# Split a list into even and odd numbers

Split a list into even and odd numbers
0

I’m having trouble trying to split a list into even and odd numbers with the variables odd and even representing their respective numbers.

The professor noted that this line of code:

``````odd, even = foo([1,2,3,4,5,6], lambda x : x % 2 == 0)
``````

Should split the numbers into odd and even. How do I do something like this? I know how to filter between odd and even numbers, but I’m unsure of how to set two variables in one line equal to their respective parts.
In your example `foo` is a function, and returns a pair of variables. For example:

``````def foo():
a = 1
b = 2
return (a, b)

x, y = foo()  # x is now '1', and y is now '2'
``````

So you need to create a function that iterates over the input list, and assigns the elements to either an `odd` list or an `even` list. Then return both of these lists, as the above example.
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I’m having trouble trying to split a list into even and odd numbers with the variables odd and even representing their respective numbers.

The professor noted that this line of code:

``````odd, even = foo([1,2,3,4,5,6], lambda x : x % 2 == 0)
``````

Should split the numbers into odd and even. How do I do something like this? I know how to filter between odd and even numbers, but I’m unsure of how to set two variables in one line equal to their respective parts.
In your example `foo` is a function, and returns a pair of variables. For example:

``````def foo():
a = 1
b = 2
return (a, b)

x, y = foo()  # x is now '1', and y is now '2'
``````

So you need to create a function that iterates over the input list, and assigns the elements to either an `odd` list or an `even` list.

I moved your question out of the other thread and into a new topic, because you were asking a new question and not answering the original poster of the other thread. Always create a new topic for new questions.

Thank you.

Well, i just start tinkering with Python so I’ll try this one!

This is what i came up with ( a bit verbose but clear i think):

``````def splitOddEven(number_list):
"""it separate a list of numbers into odd and even"""
odd_list = [];
even_list = [];
while(number_list):
current_number = number_list.pop();
if(current_number % 2 == 0):
even_list.append(current_number)
else:
odd_list.append(current_number)

return (even_list, odd_list)

test_list = [2,3,1,5,78,32,121,12]
even, odd = splitOddEven(test_list[:])

print("These are the even numbers of your list:" + str(even))
print("\nThese are the odd numbers of your list: " + str(odd))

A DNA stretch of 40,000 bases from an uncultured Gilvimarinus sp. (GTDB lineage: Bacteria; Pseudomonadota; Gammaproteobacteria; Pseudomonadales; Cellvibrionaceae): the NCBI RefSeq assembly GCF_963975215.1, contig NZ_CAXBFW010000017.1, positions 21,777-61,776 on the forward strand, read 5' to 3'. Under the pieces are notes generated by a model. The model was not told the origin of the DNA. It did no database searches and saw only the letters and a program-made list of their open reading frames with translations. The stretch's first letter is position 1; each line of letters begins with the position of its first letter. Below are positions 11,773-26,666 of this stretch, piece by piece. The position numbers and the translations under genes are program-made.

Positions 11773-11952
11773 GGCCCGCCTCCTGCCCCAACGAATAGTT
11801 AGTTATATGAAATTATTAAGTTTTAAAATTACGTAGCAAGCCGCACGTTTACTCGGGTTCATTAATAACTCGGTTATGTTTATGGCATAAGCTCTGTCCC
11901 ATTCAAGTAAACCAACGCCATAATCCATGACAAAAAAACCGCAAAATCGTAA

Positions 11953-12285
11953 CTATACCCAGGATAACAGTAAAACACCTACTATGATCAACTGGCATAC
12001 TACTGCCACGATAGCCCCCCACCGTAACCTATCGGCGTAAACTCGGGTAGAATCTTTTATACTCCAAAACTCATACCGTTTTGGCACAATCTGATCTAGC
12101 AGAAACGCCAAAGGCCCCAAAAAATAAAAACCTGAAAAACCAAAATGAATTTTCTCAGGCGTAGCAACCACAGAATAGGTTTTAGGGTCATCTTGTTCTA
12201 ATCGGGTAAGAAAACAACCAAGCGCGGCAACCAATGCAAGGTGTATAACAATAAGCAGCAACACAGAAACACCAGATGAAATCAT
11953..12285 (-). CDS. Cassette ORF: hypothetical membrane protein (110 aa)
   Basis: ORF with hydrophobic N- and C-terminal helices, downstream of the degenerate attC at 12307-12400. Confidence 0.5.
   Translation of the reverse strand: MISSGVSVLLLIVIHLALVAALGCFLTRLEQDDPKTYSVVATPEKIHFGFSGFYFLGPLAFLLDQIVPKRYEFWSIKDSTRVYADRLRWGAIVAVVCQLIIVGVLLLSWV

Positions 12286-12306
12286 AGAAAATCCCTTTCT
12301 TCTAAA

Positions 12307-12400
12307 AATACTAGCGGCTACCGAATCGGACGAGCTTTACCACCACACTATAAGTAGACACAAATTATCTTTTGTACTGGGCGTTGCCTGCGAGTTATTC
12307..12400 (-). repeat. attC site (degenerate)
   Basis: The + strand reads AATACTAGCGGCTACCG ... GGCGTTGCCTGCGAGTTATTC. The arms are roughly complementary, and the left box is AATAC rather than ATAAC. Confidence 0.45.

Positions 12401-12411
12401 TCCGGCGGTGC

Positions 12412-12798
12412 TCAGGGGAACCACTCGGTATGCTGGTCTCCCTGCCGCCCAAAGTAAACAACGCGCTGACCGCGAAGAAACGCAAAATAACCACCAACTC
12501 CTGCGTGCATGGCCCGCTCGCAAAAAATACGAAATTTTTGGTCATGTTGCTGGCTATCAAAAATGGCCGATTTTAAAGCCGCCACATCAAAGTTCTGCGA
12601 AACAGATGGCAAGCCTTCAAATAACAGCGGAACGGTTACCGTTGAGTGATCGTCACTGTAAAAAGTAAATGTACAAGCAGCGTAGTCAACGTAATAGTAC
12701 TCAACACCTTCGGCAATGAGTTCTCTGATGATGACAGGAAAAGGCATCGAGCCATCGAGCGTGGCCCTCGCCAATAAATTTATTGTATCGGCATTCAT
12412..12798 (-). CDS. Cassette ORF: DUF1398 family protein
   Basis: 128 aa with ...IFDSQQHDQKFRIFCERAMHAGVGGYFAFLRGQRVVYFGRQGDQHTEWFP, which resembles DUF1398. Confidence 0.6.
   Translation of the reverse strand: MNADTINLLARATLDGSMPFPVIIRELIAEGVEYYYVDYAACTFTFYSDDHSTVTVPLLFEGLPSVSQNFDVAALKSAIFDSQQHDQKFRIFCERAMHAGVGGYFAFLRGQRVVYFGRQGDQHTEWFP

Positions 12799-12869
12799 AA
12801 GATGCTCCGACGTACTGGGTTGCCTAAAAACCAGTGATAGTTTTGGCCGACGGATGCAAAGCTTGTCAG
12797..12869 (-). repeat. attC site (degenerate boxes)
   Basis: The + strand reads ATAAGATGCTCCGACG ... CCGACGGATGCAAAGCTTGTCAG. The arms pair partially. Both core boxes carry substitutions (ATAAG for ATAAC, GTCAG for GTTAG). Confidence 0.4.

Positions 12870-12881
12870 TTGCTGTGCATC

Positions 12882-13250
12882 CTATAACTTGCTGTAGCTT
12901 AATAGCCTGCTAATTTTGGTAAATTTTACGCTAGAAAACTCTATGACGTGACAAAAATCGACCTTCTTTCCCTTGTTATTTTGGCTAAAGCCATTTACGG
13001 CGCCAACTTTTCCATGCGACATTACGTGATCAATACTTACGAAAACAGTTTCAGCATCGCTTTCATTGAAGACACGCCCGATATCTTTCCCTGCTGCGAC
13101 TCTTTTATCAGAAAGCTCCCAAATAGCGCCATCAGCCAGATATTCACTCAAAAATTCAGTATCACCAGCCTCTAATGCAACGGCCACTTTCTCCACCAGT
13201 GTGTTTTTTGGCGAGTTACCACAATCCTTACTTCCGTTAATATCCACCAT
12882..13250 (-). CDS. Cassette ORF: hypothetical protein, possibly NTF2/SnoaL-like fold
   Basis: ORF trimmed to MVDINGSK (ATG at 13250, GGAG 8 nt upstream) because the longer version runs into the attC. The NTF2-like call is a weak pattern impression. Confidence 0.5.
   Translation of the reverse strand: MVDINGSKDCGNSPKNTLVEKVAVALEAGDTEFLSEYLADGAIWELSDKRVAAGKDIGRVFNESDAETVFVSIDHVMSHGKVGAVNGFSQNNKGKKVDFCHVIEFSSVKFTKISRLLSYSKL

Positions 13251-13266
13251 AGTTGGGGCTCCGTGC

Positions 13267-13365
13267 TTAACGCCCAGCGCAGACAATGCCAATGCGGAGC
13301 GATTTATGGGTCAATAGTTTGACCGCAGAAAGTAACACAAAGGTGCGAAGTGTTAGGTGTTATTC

``````

I’m unsure of how to set two variables in one line equal to their respective parts.

looks like is just a positional matter^^

There’s a number of ways to do this. You could create a function that specifically splits a list into even and odd sets. However, the way your professor set up this code:

``````odd, even = foo([1,2,3,4,5,6], lambda x : x % 2 == 0)
``````

Makes me believe they are attempting to get you to think a little more broadly by creating a function that accepts a list and a callback function (a simple True or False lambda function in this case) as arguments and returns the True/False lists.

``````splitter_function = lambda x: x % 2 == 0
# This has assigned the lambda function to the variable splitter_function so we can test it
# splitter_function accepts a number as an argument and returns True or False
# depending on if the number is even (True) or odd (False)
print(splitter_function(5))
# False
print(splitter_function(4))
# True
``````

Okay, so knowing that, we need a function `foo()` that accepts a list of numbers and applies a True/False callback function to each number then appends them to an appropriate list for return.

``````def foo(list_of_numbers, splitter_function):
"""Function that accepts a list of numbers and splits them into
truthy and falsy lists based upon the callback function argument"""
f = []  # Falsy list
t = []  # Truthy list
for number in list_of_numbers:
if splitter_function(number):
t.append(number)
# If splitter_function returns True --> append number to list t
else:
f.append(number)
# Else if splitter_function returns False --> append number to list f
return (f, t)  # Return the lists, Falsy (odd potentially) first, then Truthy (even potentially)
``````

Now to use it:

``````print(foo([1, 2, 3, 4, 5, 6], lambda x: x % 2 == 0))
# ([1, 3, 5], [2, 4, 6])

odd, even = foo([1, 2, 3, 4, 5, 6], lambda x: x % 2 == 0)
print(odd)
#[1, 3, 5]
print(even)
# [2, 4, 6]

# This can also be used to check if numbers are divisible by numbers other than 2 as well
not_divisible, divisible = foo([1, 2, 3, 4, 5, 6], lambda x: x % 3 == 0)
print(not_divisible)
# [1, 2, 4, 5]
print(divisible)
# [3, 6]
``````

Hope that helps.

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